Conservatives are, not to overlabor the obvious, marginalized in the
cultural elite, even though they are powerful in the political elite. (At least some of the time, anyway). Obviously there's been an
enormous amount of ink shed about why this is, but my experience of
talking to people who might have liked to go to grad school or work in
Hollywood, but went and did something else instead, is that it is
simply hogwash when liberals earnestly assure me that the disparity
exists mostly because conservatives are different, and maybe dumber. People didn't try because they sensed that it would be both socially
isolating, and professionally dangerous, to be a conservative in
institutions as overwhelmingly liberal as academia and media.
actually fascinating to watch the inversion of liberal and conservative
positions on this one. Liberals essentially seem to be saying that
hey, they don't all get together in the tenure committee and agree to
deny any conservatives tenure. I believe them! But I'm not sure why
they think this means that the disparity is therefore not a problem. As I wrote years ago, somewhere, I doubt many bank hiring committees in
the fifties got together and voted not to hire any negro bank
managers. Yet, somehow, they didn't hire any negro bank managers.
not? Because things like social networks, subtle bias, and tacit norms
about what constituted the boundaries of acceptable traits in bank
managers did all the work for them. And I doubt they got many black
applicants, because after all, why on earth would you bother? Better
to try to start a small business, or get a job as a Pullman porter,
where you had a realistic shot at making a decent income. A poll of
black high school students would probably have indicated a very small
number expressing ambitions to fill jobs that realistically simply were
not available to non-white, non-male candidates. But this is not
evidence that there is something different about blacks that makes them
not want to be successful corporate executives.
It is equally
maddening that conservatives understand this about potential
conservative graduate students, but not about potential black CEOs--and
yes, I think this remains a problem today. I'm not sure that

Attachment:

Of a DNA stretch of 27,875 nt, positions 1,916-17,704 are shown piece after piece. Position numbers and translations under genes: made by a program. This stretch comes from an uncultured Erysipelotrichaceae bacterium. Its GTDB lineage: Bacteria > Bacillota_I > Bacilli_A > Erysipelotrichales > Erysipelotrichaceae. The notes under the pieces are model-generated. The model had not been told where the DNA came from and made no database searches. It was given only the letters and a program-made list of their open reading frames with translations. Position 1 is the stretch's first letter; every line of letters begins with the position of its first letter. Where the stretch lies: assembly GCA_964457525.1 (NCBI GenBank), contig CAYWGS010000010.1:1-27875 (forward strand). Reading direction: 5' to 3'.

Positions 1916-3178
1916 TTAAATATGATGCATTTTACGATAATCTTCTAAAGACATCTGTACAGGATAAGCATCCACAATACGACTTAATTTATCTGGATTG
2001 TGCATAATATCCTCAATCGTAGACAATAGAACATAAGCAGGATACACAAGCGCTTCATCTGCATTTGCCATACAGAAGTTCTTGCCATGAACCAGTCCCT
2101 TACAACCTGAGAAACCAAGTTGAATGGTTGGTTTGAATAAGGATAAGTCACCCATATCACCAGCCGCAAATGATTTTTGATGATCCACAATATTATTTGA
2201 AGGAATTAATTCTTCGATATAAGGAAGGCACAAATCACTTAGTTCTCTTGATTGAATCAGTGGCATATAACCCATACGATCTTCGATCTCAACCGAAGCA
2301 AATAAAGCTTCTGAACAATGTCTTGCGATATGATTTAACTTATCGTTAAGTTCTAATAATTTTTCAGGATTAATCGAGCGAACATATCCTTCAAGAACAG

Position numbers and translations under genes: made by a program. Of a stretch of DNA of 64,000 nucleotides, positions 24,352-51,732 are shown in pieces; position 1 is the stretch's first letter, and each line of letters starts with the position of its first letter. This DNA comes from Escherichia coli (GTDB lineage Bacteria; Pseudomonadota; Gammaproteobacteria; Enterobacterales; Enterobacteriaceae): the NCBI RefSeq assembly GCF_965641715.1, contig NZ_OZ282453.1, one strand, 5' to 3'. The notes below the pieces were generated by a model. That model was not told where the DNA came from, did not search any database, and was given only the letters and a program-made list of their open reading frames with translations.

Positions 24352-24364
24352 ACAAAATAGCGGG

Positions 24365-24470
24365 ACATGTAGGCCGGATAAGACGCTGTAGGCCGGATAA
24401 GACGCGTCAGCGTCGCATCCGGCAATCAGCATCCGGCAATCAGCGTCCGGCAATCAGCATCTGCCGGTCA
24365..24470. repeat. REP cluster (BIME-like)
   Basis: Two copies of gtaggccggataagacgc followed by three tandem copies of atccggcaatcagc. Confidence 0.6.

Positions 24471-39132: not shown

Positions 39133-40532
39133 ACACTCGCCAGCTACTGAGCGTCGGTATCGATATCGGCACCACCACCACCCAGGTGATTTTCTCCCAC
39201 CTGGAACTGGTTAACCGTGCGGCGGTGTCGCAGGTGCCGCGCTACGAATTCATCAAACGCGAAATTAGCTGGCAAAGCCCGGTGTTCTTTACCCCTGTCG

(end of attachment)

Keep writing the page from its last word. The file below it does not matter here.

affirmative action is the answer, but that's a different post.
So while I completely agree that there is no one-to-one equivalence between right and left,
as Ta-Nehisi writes, I'm considerably less sure about what that
implies. First of all, I think Ta-Nehisi overstates his case to some
In this specific case, the trouble is that the right's quackery is
not merely peddled by it's fringe, but by some of its most prominent
members. During the 2000 campaign, George W. Bush didn't dispatch a
couple of junior functionaries to Bob Jones University, where
interracial dating was literally banned at the time, he dispatched himself
In 2002, it was not a small time junior congressmen who asserted that
things would have been better under segregation, it was the highest ranking Republican
in the Senate.
In 2005, it was not merely a fringe group of party activists who called for interference in the Terri Schiavo case, it was the Republican president of United States
. It was---yet again--the highest ranking Republican
in the Senate dispensing a neurological diagnosis on a woman in Florida, from his office in Washington.
2007, when Trent Lott announced his resignation from the Senate, it was
not merely state party officials claiming the good senator had been
railroaded, it was his Republican fellow Senators. During the 2008 race, it was Mike Huckabee, runner-up for the presidential nomination of his party, who claimed to not believe in evolution.
neglects to mention that it was also the Republicans who kicked Trent
Lott's butt out of the leadership for saying those things--as they
should have. And while I am in absolutely no way defending Bush's
campaigning at Bob Jones university, I think it has to be noted that
Barack Obama didn't send some minor campaign functionary to attend the
church of a minister who was saying some pretty whacked out things; he sent himself. Every Sunday.